GF: The idea that people are reconnecting with this river in a really powerful way is exciting. We’ve seen a lot of that. There was a piece by Aaron Rose in Newcity recently where she talked about getting lost in the river and kind of forgetting that you’re in the downtown for a moment, and really connecting with a different aspect of Chicago. Once the riverwalk connects all the way to Lake Street, that will be a truly magnificent new experience for the city.

  • “The fact that people will be able to walk [from the West Loop] all the way out to the lake without having to cross a street is a pretty significant investment in mobility and better access to park space and open space.”

    Nice to see someone sticking up for pedestrians for once.

  • Mildly in their defense, parts of the San Antonio riverwalk are just as cramped for through-traffic, and it seems to do well enough.

  • The San Antonio Riverwalk is awesome, but it’s a pretty different animal than Chicago’s. Their river is more line a canal, so it has a much more intimate feel. The corridor is packed with fun, non-fancy retail, bars and restaurants. It’s really one of the major draws of that city.

  • Arjay

    Bicyclists: It’s not a bike path,it’s a RiverWALK. Get on the goddamn street where you belong.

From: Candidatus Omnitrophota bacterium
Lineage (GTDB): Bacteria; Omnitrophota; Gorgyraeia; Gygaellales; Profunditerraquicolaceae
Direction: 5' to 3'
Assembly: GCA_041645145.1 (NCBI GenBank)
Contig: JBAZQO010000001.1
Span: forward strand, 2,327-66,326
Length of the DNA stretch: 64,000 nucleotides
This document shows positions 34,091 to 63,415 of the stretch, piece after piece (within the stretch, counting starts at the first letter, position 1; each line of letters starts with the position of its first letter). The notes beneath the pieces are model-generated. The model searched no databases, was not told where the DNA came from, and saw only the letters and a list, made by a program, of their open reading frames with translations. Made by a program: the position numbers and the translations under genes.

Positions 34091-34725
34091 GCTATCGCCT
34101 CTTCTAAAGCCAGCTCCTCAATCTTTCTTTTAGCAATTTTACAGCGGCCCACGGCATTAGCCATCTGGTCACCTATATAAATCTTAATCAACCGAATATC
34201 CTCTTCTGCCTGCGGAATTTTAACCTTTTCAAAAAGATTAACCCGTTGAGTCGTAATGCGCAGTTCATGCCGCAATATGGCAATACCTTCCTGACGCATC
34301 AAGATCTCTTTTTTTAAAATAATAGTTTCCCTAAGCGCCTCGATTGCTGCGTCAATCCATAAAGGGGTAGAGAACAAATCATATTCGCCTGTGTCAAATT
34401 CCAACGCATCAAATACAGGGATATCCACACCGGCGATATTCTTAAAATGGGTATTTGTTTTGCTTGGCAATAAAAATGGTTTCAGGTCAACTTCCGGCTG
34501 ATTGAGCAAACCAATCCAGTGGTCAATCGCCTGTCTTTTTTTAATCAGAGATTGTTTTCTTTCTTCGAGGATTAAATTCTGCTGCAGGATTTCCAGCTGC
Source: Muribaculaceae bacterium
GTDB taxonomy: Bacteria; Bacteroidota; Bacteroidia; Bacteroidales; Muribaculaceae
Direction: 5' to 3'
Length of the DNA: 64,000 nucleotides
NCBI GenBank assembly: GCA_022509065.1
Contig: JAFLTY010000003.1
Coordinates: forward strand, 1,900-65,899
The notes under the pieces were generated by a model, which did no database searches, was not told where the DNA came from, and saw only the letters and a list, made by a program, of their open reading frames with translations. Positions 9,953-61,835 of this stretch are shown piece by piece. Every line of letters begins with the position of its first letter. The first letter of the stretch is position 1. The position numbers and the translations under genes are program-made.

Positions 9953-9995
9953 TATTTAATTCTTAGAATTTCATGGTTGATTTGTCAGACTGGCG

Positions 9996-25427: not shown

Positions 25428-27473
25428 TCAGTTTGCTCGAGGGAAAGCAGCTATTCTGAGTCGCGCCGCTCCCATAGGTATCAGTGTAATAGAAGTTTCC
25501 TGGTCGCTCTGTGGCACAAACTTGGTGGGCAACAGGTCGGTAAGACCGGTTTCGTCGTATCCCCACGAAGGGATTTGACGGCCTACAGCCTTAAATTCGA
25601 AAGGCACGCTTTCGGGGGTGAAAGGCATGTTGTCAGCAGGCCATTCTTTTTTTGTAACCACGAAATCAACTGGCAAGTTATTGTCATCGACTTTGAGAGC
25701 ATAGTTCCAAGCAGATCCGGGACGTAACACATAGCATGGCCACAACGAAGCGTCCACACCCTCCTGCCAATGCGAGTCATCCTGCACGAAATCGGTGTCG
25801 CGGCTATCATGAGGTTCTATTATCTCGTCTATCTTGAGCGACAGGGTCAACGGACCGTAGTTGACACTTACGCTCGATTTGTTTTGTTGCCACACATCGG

• Let us pretend that the following questions, quoted verbatim from the interview above, were asked about the Lincoln Hub:

    “Did you guys consider making the seating areas a little smaller in order to make the path wider?”

    “The project is financed by a TIFIA loan, a loan for transportation infrastructure. Do you think that’s appropriate in terms of what we got—does this qualify as a transportation corridor?”

  • The Lincoln Hub was financed by local money, not a TIFIA loan.

  • My point (which I shouldn’t be making while at work anyway because there’s too much going on here, but oh well) being that Lincoln Hub was designed as a pedestrian-oriented space to encourage people to stroll, linger, sit, relax, and otherwise be encouraged to spend time and money, so why is Streetsblog all of a sudden judging another pedestrian-oriented destination by a different standard?